Visit Chateau de Blois
The Chateau de Blois sits in the centre of the lovely town of Blois. It is called the Royal chateau of Blois because it was a favourite residence of 7 kings and 10 queens of France!
Explore the Chateau Royal de Blois
The Chateau de Blois sits on the edge of a large square slightly raised up from the town of Blois and so offering great views over the town and the Loire river below. From the outside the chateau has the look of a large red-brick manor house though with the addition of the statue of King Louis XII seated on a horse and also a carved porcupine which was his royal emblem.
Passing through the gateway you enter a large courtyard surrounded on all 4 sides by the chateau and each wing was built in a different period of history and has a different architectural style.
The medieval fortress has its origins in the 10th century but this earliest wing was largely built in the 13th century in Gothic style. Inside it's seignorial hall is the largest Gothic hall in France from the early 13th century. Next came the Louis XII wing built from 1498-1501 in Flamboyant style. This wing has lots of arched arcades and is built in red-brick.
The Renaissance wing was built soon after the Louis wing in 1515-1520. The beautiful staircase is one of the most notable features of this wing. The Gaston d'Orleans wing was added in 1635-1638 and is built in Classsical style. This wing was built Francois Mansart using three types of arches with an eclectic mix of Doric, Ionic and Corinthian style.
Beside the chateau stands the Chapel of St. Calais, commissioned by Louis XII. It has some stained glass windows by Max Ingrand (1957) which show scenes from the chateau's history.
Inside the chateau your visit begins in the State room in the oldest part of Blois castle, dating from the thirteenth century. The States room was used by the Counts of Blois as a courtroom. The salon has two aisles, with a double barrel-vaulted ceiling and numerous columns and arches. The tapestries on the walls date back to the 17th and 18th century.
From here various rooms are filled with mouldings and sculptures from different wings of the chateau.
On the first floor you can visit the apartments of Francois I and Catherine de Medici. They have been restored and decorated in a style of the 16th century. The Queen's Gallery is particularly attractive with its long wall of windows opposite a wall of portraits and with a decorated wooden roof and blue tiled floor.
The Queen's chamber on this floor is the room where Catherine de Medici died in 1589. Also on this floor is the only remaining royal Renaissance study in France with its original wooden panelling. This charming room contains 237 Italianate panels dating from the early 16th century.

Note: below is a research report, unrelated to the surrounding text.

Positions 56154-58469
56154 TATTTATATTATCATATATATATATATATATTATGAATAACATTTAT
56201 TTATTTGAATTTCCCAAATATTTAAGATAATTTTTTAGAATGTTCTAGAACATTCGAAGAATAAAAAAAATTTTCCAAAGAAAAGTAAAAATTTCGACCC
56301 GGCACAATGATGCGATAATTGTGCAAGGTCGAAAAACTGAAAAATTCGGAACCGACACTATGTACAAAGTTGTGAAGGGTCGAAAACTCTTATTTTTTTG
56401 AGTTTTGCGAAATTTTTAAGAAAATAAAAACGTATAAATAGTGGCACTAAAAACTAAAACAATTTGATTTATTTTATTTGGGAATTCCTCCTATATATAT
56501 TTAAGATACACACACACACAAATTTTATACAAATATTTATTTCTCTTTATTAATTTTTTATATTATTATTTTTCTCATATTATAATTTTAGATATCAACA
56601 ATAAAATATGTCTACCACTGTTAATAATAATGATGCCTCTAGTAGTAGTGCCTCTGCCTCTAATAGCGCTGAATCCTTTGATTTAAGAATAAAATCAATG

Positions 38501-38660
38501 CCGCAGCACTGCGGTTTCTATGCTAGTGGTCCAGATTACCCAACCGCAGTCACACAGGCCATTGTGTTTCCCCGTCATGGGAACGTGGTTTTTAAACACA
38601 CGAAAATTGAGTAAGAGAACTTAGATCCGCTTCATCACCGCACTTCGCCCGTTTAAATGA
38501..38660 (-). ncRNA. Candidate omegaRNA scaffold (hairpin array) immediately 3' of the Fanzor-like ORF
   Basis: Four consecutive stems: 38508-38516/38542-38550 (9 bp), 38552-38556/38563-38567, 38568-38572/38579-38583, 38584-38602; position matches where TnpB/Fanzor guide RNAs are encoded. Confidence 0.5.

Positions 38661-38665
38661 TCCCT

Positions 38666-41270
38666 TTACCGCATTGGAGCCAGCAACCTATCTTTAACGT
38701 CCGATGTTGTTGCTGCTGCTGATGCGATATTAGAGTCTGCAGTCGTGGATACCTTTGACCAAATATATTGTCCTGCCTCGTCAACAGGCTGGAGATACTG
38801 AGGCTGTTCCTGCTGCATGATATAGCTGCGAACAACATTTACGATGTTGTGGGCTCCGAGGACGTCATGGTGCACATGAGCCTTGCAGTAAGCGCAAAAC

On the second floor is the Kings appartments from the time of Henri III. It was here that the murder of the Duke of Guise allegedly took place, under the orders of Henry III. In the neighbouring Council chamber there is a set of paintings exhibiting the Wars of Religion that led to the assassination of the Duke de Guise.
Today this part of the castle houses the Museum of Fine Arts, which keeps an impressive collection of paintings and sculptures from the sixteenth to the nineteenth century. Among the many works, note the famous painting by Lavinia Fontana (1552-1614) of ‘the hairy girl’.
Sound and Light Show
The chateau is illuminated for a sound and light show telling the story of the history of the chateau. The show takes place every evening from April to September. 10.30pm in June, July and August and 10pm at other times of the year.
A little history of the Chateau de Blois
The Chateau de Blois has witnessed more than one notable historical events, including the stay in Blois of Joan of Arc (1412-1431), and the murder of the Duke of Guise (1550-1588), by Henry III (1551-1589). The castle of Blois was also the place of exile of Marie de Medici (1545-1642).
Later, it was with Gaston d'Orleans (1608-1660) that the castle reached its social high point, and also at this time the botanic gardens were added. This period had beneficial effects for Blois itself, which saw the beginning of a new and fervent construction activity, and the birth of the Jesuit College and monasteries.
Blois is in the heart of the Loire Valley and very close to many of the famous Loire Valley chateaux. The Chateau de Cheverny has some of the best chateau interiors and has pretty gardens. The majestic Chateau de Chambord and Chateau de Chaumont, home to the Chaumont-sur-Loire International garden festivalare also close by.
You can find more local travel ideas in the guide.